How do midterm elections affect the presidency?

The midterm election vote plays an important role in our government’s checks and balances. This focus is vital, as political power is not meant be centered on one party or person. This in mind, depending on how the vote plays out, Congress can provide support for the bills and legislations proposed by the president, or a counterbalance. For example, if the congress majority leans toward the same party as the president, it can be quicker to pass laws. While congressional and presidential elections are separate and different, they certainly impact the collective future government.

How are midterms relevant in the post-Trump era?

Historically, the president’s party often loses House seats during midterms. If this is the case, the GOP could find themselves back in control of the House, lending favor to the legislation they wish to proceed. A divided Congress, in which one party is in control of the House and another in the Senate would hinder legislation on hotly debated topics like immigration, healthcare, and more. It would also hinder efforts by Democratic lawmakers to push for accountability and investigation into the 2021 Capitol Riots, which led to more than 700 arrests and counting. But given the slim balance of power in the Senate, Democrats also risk a total wipeout, where they’d lose control of both chambers.

Republicans have threatened to subject the Biden White House to investigations, should they win a majority during this midterm election, which could affect Biden’s 2024 campaign, should he follow through on his plans to run for reelection.

Another important power within Congress is the ability to confirm a president’s Supreme Court nominee. The confirmation of both Brett Kavanaugh and Amy Coney Barrett by a Republican-controlled Senate speak to the importance of voting in midterm elections. Kavanaugh was confirmed despite facing allegations of sexual misconduct, and Barrett’s confirmation was rushed through just weeks before the 2020 election. That’s why it’s important for Democrats to replace retiring Justice Stephen Breyer well before the midterms. Breyer is one of just three progressive justices currently sitting on the bench, so replacing him will still leave conservatives with a 6-3 advantage. But it will prevent Republicans from confirming another conservative justice should they win control of the Senate in November.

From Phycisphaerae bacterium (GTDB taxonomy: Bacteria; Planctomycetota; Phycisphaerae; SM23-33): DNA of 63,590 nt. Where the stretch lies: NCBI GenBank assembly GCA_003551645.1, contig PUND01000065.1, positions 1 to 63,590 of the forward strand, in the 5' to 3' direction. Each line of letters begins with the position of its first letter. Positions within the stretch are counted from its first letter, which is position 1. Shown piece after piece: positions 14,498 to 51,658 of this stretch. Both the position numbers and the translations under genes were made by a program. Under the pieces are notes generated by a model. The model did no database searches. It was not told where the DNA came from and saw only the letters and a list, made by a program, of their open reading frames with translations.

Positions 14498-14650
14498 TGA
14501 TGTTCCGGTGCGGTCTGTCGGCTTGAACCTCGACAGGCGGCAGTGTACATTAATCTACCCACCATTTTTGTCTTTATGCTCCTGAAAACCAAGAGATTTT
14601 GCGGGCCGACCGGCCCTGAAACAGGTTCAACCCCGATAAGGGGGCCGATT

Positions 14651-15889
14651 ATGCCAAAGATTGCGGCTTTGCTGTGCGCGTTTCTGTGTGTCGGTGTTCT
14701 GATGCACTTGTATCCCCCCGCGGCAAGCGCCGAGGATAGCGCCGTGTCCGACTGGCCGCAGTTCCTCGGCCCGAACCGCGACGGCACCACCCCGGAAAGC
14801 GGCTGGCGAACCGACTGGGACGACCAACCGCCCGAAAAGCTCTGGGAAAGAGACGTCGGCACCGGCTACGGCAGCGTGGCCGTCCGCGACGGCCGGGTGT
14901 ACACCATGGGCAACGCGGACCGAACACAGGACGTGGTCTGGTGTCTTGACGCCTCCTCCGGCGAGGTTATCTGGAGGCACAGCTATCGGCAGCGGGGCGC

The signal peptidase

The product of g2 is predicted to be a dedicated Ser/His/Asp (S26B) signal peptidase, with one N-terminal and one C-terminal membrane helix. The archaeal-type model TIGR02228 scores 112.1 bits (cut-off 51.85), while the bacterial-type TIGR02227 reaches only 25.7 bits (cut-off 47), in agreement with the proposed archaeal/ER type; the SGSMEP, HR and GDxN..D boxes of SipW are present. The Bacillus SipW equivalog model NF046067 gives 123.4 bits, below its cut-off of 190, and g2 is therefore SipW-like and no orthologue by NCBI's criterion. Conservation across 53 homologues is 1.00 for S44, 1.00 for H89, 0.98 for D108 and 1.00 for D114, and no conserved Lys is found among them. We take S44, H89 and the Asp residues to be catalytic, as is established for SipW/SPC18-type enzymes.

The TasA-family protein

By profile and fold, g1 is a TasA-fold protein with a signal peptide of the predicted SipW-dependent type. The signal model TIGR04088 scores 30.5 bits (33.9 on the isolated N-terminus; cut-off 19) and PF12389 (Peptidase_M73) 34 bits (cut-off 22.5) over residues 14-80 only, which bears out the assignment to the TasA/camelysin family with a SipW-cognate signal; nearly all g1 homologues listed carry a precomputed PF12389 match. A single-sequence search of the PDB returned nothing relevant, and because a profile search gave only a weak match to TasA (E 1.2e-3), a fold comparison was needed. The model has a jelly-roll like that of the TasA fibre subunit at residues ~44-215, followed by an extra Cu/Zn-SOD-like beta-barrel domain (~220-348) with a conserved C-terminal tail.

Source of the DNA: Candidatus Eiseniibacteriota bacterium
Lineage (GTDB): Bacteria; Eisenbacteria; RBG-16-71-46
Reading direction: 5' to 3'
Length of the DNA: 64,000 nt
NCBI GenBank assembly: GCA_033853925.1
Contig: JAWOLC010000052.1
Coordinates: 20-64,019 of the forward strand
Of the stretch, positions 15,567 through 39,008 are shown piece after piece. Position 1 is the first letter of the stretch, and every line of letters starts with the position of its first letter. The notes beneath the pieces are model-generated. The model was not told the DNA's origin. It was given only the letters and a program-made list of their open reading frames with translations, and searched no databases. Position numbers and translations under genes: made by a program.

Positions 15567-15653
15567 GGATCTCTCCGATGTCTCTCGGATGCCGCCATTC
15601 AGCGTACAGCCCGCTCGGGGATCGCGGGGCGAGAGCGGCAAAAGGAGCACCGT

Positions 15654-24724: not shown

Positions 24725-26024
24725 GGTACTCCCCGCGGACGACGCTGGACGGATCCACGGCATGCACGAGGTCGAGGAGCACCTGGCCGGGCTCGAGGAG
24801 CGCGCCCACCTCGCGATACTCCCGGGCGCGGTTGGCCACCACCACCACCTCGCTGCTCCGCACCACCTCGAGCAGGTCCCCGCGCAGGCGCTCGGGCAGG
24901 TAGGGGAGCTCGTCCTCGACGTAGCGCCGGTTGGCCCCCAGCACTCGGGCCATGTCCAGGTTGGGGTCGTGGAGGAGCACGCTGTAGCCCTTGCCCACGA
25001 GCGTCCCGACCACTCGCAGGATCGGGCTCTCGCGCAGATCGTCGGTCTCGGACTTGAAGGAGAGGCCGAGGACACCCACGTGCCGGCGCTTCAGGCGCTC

Given the conservative majority on the Supreme Court, which is deciding a case that could result in Roe v. Wade being overturned later this year, the gubernatorial elections are particularly important for protecting abortion rights at the state level. As the COVID-19 pandemic continues, midterm elections are important for determining mask and vaccine mandates and state-of-emergency orders. While Biden has say over mandates for anything under the federal government’s jurisdiction, governors and local lawmakers have say over state- and city-wide orders, affecting people’s day-to-day more significantly than at the federal level. At the local level, school board races will remain contentious, with communities split over book bans and how to teach students about race and racism.

This midterm election is also seeing the effects of the 2020 redistricting cycle, a process which happens every 10 years after new census data is collected. During that process, local and congressional districts were redrawn. Barring successful court challenges, the new districts cannot be changed again until 2030.

Politicians in power often use redistricting as an opportunity to “gerrymander,” or draw political boundaries that give one party an advantage over the other. In 2011, Republicans used their control over state and local offices to gerrymander districts that helped them keep power in the House for nearly 10 years.

Ultimately, the question looming over the 2022 midterm elections is whether Democrats can maintain control or if Republicans will take control of the House or Senate, blocking Democratic legislation for years to come. So mark your calendars for November 8, and get ready to exercise your constitutional right to vote.

Editor’s note: This article was first published in 2018. It was updated to include information about the 2022 midterms.